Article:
War in the Balkans: Russians back UN peace plan in Balkans

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The Independent Online
SERBIA STOOD isolated yesterday as Russia, its last ally, signed up for a peace settlement in Kosovo enforced by a multinational force operating under a United Nations mandate.

President Bill Clinton warmly welcomed the development. "The significance, as far as I know, is that this is the first time that the Russians have publicly said they support an international security as well as civilian force in Kosovo. This is a significant step forward and I was personally very pleased by it."

Mr Clinton suggested there was "a real peace process" under way although he stressed it would remain a twin-track approach, balancing air strikes with diplomacy.

Slobodan Milosevic, the Yugoslav President, responded by saying he could accept a UN peace mission, armed with "self-defence weapons", but ruled out any Nato participation. "We cannot accept an occupational force, not under a Nato or UN flag," he said.

President Milo Djukanovic of Montenegro told The Independent that Mr Milosevic had miscalculated badly and must accept defeat in the Balkans. "Milosevic will have to accept the withdrawal of police and military forces from Kosovo. There must be an international military presence, under the auspices of the United Nations," he said.

Though many details werefudged, notably on the make-up of the peace- keeping force, the statement issued in Bonn by foreign ministers of the Group of Seven leading industrialisedstates and Russia (G8) echoed Nato's key demands. It calls for the "deployment in Kosovo of effective international civil and security presences, endorsed and adopted by the UN, capable of guaranteeing the achievement of common objectives".

Western leaders interpreted that as a rubber-stamp for a military force with Nato at its core, although the word Nato does not appear in the communique.Robin Cook, the Foreign Secretary, suggested a force of about 30,000, including British and US troops.

"If it's going to be credible, it must have real teeth," Mr Cook added. "And those teeth will have to be supplied by Nato."

Diplomats said Russia accepted that the name of the international force was up for discussion, but that its composition, as far as Nato was concerned, was non-negotiable. Nato officials insist their troops will not wear UN blue helmets.

Igor Ivanov, the Russian Foreign Minister, pointed out that the Yugoslav government had yet to assent to any deal. "This is not an agreement with Belgrade," he said. "This is not a peace settlement."

But the "agreed principles" of the eight powers present in Bonn yesterday do provide a basis for a UN Security Council resolution which, if approved, will put enormous pressure on Mr Milosevic. The statement follows from the Rambouillet accord, which Mr Milosevic refused to sign, and incorporates Nato's five demands. It calls for an "immediate and verifiable end to violence and repression in Kosovo".

There is no mention of the violence inflicted by Nato, suggesting that Russia has abandoned its demand that the bombing must stop first. The foreign ministers urged the return of refugees, unhindered access to humanitarian organisations, and the establishment of an interim administration under the UN's aegis. Nato has made concessions, too. No longer is it insisting that "all" Yugoslav forces be withdrawn from Kosovo, and Mr Cook conceded that a "token force" might be allowed to stay behind.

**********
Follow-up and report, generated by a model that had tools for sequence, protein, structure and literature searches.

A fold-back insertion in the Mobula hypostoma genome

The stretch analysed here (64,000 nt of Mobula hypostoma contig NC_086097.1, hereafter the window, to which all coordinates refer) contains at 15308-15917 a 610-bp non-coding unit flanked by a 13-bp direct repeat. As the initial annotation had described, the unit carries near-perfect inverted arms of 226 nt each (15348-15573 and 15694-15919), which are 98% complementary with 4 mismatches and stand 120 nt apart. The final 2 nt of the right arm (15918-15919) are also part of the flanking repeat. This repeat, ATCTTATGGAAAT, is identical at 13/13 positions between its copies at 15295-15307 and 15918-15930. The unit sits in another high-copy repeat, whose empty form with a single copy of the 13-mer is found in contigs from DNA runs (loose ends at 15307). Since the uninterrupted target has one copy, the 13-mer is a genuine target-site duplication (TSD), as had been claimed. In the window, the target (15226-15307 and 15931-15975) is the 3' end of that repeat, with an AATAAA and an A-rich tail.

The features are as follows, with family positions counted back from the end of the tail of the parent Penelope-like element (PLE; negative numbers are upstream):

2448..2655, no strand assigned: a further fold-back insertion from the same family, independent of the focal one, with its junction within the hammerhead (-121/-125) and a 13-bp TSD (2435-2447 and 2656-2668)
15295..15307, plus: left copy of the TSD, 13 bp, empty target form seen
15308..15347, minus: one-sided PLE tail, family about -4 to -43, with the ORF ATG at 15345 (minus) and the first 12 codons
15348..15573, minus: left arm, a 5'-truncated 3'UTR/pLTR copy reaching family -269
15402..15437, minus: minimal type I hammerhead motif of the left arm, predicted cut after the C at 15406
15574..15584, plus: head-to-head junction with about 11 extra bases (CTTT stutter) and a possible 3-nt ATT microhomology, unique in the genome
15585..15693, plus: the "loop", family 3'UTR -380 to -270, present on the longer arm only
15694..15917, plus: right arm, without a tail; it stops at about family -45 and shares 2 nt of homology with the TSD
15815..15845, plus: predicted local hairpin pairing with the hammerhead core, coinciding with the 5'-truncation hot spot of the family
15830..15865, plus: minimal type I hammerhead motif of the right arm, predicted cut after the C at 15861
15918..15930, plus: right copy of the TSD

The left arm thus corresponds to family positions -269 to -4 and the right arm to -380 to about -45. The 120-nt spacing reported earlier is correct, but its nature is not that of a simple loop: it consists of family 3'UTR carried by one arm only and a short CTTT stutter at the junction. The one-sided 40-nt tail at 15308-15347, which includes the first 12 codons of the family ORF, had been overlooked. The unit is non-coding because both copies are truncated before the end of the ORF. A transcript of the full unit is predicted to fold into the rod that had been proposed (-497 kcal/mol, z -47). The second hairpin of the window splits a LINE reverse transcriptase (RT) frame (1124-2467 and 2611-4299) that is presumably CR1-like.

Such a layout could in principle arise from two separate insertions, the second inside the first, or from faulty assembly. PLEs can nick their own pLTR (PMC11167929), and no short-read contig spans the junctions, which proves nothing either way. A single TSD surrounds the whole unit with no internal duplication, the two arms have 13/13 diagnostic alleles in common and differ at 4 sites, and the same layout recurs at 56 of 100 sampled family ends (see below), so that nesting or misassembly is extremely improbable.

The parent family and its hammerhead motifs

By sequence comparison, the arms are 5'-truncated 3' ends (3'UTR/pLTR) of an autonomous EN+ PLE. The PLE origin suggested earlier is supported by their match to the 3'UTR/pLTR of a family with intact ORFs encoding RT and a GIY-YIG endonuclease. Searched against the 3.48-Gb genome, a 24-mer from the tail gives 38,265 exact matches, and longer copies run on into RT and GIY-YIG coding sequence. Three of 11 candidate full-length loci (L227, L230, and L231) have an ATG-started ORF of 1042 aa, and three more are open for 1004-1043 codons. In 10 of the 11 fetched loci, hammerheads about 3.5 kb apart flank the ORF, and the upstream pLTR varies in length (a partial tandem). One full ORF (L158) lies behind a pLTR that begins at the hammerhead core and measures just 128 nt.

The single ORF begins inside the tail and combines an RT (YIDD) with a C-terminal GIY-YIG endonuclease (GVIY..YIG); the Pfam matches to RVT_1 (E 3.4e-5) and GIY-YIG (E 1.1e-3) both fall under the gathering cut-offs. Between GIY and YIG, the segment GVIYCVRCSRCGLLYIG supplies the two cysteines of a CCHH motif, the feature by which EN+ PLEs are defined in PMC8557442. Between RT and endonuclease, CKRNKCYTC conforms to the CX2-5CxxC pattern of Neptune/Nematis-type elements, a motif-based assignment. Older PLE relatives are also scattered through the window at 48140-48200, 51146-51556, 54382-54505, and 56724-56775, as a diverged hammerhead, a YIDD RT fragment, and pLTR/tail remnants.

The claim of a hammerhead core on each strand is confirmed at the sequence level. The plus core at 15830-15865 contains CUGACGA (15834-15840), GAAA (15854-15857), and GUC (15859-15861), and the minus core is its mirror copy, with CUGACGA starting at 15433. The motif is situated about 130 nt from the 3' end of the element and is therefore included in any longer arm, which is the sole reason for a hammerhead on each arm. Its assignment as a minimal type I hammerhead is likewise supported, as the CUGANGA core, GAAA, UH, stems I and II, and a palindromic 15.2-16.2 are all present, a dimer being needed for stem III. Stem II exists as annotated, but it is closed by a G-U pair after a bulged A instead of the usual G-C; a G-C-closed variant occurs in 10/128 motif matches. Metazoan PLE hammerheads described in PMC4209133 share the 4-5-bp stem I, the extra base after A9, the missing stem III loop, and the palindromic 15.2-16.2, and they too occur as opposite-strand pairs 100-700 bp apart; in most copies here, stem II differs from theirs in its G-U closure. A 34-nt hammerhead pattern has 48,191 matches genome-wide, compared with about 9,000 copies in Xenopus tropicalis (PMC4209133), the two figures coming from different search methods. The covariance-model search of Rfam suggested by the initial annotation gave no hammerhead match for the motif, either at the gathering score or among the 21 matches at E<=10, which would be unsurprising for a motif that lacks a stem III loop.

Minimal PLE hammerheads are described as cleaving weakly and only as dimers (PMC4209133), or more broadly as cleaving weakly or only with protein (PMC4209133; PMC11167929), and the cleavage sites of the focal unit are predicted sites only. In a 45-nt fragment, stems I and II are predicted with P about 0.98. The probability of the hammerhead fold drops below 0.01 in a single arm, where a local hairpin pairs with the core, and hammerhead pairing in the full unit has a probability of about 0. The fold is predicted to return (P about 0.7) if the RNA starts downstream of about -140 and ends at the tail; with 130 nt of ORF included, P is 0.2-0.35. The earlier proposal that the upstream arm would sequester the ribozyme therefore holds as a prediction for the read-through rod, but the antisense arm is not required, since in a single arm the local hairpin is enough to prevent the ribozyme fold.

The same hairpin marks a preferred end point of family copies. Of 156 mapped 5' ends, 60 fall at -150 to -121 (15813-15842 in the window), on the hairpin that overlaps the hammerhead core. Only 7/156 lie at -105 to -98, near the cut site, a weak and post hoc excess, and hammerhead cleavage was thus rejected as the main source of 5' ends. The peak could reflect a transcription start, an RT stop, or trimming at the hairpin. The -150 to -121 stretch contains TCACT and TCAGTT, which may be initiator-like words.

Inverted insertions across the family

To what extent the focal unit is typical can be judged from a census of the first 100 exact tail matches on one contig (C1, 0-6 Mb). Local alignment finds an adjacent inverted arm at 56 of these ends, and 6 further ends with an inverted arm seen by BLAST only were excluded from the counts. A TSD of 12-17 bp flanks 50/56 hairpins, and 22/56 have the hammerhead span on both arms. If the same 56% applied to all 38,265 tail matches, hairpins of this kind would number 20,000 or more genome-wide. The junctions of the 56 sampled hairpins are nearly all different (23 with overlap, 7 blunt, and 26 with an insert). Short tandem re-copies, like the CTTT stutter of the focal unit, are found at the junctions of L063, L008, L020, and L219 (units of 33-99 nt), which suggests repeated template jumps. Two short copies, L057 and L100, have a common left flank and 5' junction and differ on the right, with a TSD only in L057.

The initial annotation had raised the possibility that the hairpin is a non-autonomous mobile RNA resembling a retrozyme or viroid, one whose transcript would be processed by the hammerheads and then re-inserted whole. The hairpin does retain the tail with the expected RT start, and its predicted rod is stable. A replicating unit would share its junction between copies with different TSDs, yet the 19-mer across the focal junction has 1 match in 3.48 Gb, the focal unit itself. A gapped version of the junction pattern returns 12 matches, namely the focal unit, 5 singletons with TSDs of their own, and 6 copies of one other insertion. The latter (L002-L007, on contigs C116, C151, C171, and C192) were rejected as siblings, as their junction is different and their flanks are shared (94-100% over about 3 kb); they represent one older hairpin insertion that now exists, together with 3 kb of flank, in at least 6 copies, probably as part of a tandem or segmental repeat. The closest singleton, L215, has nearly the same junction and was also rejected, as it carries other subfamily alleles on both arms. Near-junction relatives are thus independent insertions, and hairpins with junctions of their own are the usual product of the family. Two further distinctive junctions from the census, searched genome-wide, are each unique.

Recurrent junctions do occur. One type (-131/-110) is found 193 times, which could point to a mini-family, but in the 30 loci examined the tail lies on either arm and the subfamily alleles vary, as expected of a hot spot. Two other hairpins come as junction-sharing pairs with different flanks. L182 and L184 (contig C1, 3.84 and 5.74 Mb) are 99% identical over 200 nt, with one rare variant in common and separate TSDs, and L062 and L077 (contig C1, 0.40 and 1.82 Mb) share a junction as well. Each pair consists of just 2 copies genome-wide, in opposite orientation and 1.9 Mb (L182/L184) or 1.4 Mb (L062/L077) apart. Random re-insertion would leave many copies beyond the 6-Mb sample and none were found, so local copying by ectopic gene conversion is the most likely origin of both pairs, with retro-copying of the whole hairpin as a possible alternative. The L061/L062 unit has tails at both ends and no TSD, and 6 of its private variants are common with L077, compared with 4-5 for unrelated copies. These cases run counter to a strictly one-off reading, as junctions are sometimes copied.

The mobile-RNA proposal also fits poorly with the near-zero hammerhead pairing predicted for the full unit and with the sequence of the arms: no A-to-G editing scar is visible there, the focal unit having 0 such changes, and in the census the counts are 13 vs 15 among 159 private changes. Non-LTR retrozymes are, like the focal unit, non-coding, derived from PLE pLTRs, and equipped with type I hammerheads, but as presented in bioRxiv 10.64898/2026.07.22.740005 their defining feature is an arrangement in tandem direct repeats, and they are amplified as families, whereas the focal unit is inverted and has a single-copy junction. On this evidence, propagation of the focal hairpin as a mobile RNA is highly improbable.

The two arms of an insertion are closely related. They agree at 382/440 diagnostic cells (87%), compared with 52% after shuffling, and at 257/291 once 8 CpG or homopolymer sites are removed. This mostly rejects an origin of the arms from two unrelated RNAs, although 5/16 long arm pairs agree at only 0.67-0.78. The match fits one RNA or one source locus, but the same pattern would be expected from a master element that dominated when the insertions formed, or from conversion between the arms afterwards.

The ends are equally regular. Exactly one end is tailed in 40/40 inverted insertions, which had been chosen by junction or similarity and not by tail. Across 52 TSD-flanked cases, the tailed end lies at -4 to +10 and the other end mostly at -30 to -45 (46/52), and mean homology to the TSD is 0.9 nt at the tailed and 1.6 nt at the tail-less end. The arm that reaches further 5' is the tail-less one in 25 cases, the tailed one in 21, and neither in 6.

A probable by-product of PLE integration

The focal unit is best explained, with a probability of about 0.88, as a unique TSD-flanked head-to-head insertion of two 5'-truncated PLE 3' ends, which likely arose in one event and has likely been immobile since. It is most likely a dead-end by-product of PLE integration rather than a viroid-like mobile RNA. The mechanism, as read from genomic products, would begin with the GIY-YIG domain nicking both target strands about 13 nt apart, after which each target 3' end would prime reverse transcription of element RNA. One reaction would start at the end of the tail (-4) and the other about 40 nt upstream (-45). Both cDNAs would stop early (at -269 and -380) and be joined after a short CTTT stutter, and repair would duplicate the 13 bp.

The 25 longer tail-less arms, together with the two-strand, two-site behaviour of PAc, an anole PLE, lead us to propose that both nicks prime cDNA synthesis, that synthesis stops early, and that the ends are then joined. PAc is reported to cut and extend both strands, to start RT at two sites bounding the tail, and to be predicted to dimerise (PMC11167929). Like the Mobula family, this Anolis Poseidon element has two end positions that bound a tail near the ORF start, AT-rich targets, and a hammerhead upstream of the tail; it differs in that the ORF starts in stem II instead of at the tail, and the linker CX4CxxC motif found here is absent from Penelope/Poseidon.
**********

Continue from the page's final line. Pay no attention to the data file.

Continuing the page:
The document is unclear about Kosovo's political future. In the interim, the G8 is seeking "substantial self-government for Kosovo, taking full account of the Rambouillet accords and the principles of sovereignty and territorial integrity of Yugoslavia".

Speaking in Rome, Kosovo's moderate ethnic Albanian leader, Ibrahim Rugova, said the agreement represented "a good basis" for a settlement, but Jakup Krasniqi, a spokesman for the Kosovo Liberation Army, said the KLA is not prepared to disarm.

As to the long-term future of the ravaged province and the rest of the region, Mr Clintonmade it clear in Bonn that the Balkan frontline states could soon expect an infusion of cash. But Serbia would only become part of a new Marshall Plan if it mended its ways and adopted democracy, Western leaders suggested. Viktor Chernomyrdin, Russia's special envoy, must now return to Belgrade and try to persuade President Milosevic he has nothing to gain from holding out any longer.

With four of the five permanent members of the UN Security Council on board, China's approval will now be solicited.

Germany's Interior Minister, Otto Schily, reached an agreement yesterday to take another 5,000 Kosovo refugees in addition to the 10,000 already in the country. A government spokesman said the refugees would be taken in after other European Union nations did their part to help.

Meanwhile, the bombing goes on. Whilst welcoming the joint statement, President Clinton said there would be no change in Nato tactics. "We need to stay with the strategy we have and continue to aggressively support our air campaign and aggressively support any diplomatic initiative that will secure the conditions necessary for a lasting peace in Kosovo." But a French diplomat, speaking on condition of anonymity, boldly predicted yesterday that "the bombing will be over within 14 days". Perhaps that is too optimistic, but an end is, for the first time, in sight.

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